Happiness Is…

Skyline Sunset
Skyline Sunset, a photo by Fergiemoto on Flickr.  (click on photo to enlarge)
Linking up with Rural Thursday.
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…a summer sunset picnic high in the mountains!

A couple of weeks ago, hubby and I took a drive up a popular mountain trail in northern Utah, USA named Skyline Drive to have a sunset picnic and capture some sunset photos.  This trail is a 24-mile rocky dirt road located along the beautiful Wasatch Range mountains between Bountiful, Utah, and Farmington, Utah.  The starting altitude is about 4,550 feet and climbs to about 9,200 feet.  Along the way, you can see great mountain scenery, forests and spectacular views of the Great Salt Lake.  We started this trail on the Bountiful side and were at the very top of this trail when we took the photo above.  It was quite windy at the peak that day, making it difficult to hold the camera and tripod steady, but we still got some nice photos.  (Bountiful is Utah’s second settlement after Salt Lake City, which is the state’s capital.)

This post is also for Island Traveler’s theme this week of Weekly Image of Life: Breathtaking.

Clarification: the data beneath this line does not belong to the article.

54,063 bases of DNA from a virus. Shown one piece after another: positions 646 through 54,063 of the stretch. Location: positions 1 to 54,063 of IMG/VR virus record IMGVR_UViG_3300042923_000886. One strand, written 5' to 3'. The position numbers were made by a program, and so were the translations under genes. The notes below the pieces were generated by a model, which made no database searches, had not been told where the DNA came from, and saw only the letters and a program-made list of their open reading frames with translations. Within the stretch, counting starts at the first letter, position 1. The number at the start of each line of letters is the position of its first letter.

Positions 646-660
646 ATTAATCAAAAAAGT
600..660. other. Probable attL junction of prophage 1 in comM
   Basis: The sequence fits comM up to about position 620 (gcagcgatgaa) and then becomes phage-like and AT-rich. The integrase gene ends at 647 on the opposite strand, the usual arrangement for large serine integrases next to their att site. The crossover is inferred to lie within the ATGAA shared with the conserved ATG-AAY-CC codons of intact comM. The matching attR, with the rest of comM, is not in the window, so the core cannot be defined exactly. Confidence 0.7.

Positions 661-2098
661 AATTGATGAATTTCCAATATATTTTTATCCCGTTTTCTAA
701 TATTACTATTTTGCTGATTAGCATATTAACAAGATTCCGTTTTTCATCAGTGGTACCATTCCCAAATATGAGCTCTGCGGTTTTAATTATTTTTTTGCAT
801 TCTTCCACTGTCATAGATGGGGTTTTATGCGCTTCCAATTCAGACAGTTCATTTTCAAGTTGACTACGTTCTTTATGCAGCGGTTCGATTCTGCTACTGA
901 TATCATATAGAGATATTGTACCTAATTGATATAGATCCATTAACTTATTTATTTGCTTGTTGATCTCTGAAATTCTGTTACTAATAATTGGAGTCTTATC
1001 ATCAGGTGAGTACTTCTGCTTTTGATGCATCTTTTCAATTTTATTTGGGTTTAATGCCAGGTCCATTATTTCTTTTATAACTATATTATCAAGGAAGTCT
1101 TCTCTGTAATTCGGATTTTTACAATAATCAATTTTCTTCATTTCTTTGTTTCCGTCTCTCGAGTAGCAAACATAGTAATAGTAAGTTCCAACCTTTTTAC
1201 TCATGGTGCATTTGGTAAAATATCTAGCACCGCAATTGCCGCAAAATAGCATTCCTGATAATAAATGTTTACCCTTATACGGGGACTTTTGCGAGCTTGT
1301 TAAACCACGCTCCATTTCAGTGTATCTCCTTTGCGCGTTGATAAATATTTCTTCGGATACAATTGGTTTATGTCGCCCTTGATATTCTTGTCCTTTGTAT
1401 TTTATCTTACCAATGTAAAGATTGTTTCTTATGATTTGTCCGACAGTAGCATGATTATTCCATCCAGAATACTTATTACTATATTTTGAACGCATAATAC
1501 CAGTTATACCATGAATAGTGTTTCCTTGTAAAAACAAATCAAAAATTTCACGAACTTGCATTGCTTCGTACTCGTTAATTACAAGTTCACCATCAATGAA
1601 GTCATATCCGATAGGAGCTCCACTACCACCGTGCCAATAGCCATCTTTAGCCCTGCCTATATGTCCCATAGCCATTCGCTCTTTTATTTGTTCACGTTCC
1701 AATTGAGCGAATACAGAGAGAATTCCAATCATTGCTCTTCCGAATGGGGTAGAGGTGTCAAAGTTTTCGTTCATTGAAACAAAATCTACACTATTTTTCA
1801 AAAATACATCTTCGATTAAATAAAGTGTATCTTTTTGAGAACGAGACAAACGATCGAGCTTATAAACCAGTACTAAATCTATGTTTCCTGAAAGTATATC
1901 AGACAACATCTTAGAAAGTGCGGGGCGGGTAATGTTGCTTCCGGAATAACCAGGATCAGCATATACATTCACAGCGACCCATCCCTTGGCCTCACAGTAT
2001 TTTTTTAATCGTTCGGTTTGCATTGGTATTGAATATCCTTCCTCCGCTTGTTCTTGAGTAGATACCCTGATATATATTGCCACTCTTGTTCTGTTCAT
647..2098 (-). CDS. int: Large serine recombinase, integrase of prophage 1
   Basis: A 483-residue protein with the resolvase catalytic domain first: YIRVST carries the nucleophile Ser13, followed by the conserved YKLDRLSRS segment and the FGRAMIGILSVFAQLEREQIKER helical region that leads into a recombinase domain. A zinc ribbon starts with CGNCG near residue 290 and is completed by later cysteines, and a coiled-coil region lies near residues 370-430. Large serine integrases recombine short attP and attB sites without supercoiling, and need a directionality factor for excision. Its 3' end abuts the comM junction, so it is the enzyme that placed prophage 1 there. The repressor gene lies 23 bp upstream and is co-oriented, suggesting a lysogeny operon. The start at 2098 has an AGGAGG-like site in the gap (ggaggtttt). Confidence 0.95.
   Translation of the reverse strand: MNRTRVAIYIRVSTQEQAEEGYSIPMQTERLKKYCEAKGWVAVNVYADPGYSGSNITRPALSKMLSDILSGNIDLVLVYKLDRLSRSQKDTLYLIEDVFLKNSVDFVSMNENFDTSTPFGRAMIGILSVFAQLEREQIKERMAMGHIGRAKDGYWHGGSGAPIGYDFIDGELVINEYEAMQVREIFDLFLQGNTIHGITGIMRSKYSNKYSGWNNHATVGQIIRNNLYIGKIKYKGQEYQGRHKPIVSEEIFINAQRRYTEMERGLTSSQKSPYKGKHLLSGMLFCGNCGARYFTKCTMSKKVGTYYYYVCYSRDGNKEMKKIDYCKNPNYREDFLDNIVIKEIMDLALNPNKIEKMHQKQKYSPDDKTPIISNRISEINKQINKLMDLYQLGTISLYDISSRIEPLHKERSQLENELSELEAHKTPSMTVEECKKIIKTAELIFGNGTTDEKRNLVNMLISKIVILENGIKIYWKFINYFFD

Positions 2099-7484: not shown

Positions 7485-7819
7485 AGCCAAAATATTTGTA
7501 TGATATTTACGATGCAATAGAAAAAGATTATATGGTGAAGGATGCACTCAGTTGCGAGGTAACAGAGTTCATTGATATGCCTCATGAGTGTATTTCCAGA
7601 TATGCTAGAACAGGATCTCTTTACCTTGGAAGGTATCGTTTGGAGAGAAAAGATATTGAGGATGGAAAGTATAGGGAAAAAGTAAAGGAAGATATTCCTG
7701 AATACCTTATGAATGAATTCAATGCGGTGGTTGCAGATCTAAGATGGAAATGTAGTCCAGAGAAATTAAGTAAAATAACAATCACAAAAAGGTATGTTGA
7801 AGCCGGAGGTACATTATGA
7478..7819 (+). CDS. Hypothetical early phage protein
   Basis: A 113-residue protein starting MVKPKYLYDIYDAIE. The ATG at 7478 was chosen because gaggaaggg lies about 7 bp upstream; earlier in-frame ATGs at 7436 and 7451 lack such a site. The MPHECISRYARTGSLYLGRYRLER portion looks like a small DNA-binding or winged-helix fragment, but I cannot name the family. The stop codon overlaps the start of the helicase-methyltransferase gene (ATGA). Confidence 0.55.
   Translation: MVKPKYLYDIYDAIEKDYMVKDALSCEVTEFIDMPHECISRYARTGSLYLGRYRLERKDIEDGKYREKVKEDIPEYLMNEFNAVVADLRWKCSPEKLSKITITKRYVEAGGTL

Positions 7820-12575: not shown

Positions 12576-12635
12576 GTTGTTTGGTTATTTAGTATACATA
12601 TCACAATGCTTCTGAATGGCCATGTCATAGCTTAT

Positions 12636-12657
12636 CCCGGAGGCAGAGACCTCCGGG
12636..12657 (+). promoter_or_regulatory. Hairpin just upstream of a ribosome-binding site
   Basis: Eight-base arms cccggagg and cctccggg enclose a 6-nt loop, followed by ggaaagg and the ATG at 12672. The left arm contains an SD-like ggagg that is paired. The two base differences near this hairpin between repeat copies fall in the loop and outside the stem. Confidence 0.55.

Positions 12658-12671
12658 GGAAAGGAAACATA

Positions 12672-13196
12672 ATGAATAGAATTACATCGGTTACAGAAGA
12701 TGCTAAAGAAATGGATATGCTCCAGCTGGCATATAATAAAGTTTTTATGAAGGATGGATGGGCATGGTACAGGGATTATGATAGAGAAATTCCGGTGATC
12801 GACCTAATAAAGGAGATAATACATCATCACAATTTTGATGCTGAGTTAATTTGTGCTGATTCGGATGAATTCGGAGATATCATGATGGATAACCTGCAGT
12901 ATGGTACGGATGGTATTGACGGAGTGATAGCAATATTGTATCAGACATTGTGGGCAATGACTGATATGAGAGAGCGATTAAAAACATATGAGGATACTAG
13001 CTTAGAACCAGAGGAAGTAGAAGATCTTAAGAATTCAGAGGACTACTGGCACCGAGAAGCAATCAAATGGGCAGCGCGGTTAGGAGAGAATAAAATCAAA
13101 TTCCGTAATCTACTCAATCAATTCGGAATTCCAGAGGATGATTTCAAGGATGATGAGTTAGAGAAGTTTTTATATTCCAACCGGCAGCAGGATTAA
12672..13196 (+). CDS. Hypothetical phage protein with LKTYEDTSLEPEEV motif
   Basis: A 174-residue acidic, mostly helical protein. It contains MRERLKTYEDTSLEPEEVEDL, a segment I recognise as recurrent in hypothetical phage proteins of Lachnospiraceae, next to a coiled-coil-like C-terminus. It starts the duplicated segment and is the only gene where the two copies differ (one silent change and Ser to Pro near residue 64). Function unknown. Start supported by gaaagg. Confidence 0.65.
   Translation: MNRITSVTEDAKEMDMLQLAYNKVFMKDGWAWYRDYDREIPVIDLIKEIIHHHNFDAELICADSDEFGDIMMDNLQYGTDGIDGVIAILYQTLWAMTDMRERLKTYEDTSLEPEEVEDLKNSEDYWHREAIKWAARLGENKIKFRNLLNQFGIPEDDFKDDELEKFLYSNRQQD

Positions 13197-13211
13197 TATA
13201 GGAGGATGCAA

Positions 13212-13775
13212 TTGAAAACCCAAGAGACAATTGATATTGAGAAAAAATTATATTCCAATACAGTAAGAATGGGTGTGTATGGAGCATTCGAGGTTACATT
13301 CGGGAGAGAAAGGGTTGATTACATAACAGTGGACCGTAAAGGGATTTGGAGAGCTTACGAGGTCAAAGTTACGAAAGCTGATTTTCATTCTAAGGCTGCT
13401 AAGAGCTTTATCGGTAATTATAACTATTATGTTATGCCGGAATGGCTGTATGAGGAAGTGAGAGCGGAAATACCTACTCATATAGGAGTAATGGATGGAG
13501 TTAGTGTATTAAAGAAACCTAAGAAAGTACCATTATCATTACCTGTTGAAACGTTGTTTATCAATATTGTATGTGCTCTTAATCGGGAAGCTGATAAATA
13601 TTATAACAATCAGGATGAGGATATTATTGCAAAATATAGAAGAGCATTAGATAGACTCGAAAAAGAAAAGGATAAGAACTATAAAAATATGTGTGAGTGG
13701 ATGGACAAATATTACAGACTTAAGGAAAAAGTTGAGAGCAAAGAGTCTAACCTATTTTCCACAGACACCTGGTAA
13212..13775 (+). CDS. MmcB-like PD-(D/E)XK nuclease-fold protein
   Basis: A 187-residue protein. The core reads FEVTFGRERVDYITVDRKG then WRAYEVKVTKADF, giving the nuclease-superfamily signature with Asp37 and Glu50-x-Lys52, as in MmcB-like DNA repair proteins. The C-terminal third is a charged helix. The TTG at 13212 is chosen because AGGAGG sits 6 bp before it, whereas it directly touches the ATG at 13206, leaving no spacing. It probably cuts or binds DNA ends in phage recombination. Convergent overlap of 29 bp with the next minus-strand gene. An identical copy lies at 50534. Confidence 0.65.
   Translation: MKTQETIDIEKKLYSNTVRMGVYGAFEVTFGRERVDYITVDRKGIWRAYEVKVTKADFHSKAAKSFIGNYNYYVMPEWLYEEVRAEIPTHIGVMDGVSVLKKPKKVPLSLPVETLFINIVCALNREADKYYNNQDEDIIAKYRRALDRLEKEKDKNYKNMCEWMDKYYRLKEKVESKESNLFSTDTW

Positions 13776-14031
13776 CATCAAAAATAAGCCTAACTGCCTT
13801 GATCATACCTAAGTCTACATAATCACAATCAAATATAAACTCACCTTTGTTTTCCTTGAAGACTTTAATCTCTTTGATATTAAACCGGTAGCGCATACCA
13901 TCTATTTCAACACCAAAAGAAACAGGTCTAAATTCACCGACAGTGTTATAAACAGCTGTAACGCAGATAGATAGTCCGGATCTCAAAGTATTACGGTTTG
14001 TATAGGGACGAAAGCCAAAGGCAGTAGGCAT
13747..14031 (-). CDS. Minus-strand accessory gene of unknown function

If you happen to have an image or posting with your own interpretation of “Happiness Is…”, feel free to include the link in the comments below.

Weekly Photo Challenge: Create

Mykonos Hotel Watercolor
Mykonos Hotel Watercolor, a photo by Fergiemoto on Flickr.  (click on photo to enlarge)
Linking up with Photo Art Friday

>>:::<<
rivers of color
carving infinite paths
artist’s palette
>>:::<<

My interpretation of creativity, for purposes of this blog, is having fun with photography, haiku, “photomanipulations” or whatever else comes to mind.  When it comes to photomanipulating, I enjoy experimenting with digital art effects, like in the image above.  I used Photoshop Elements to create a watercolor effect on the original photo.  The scene is our hotel room on the Greek island of Mykonos during our honeymoon.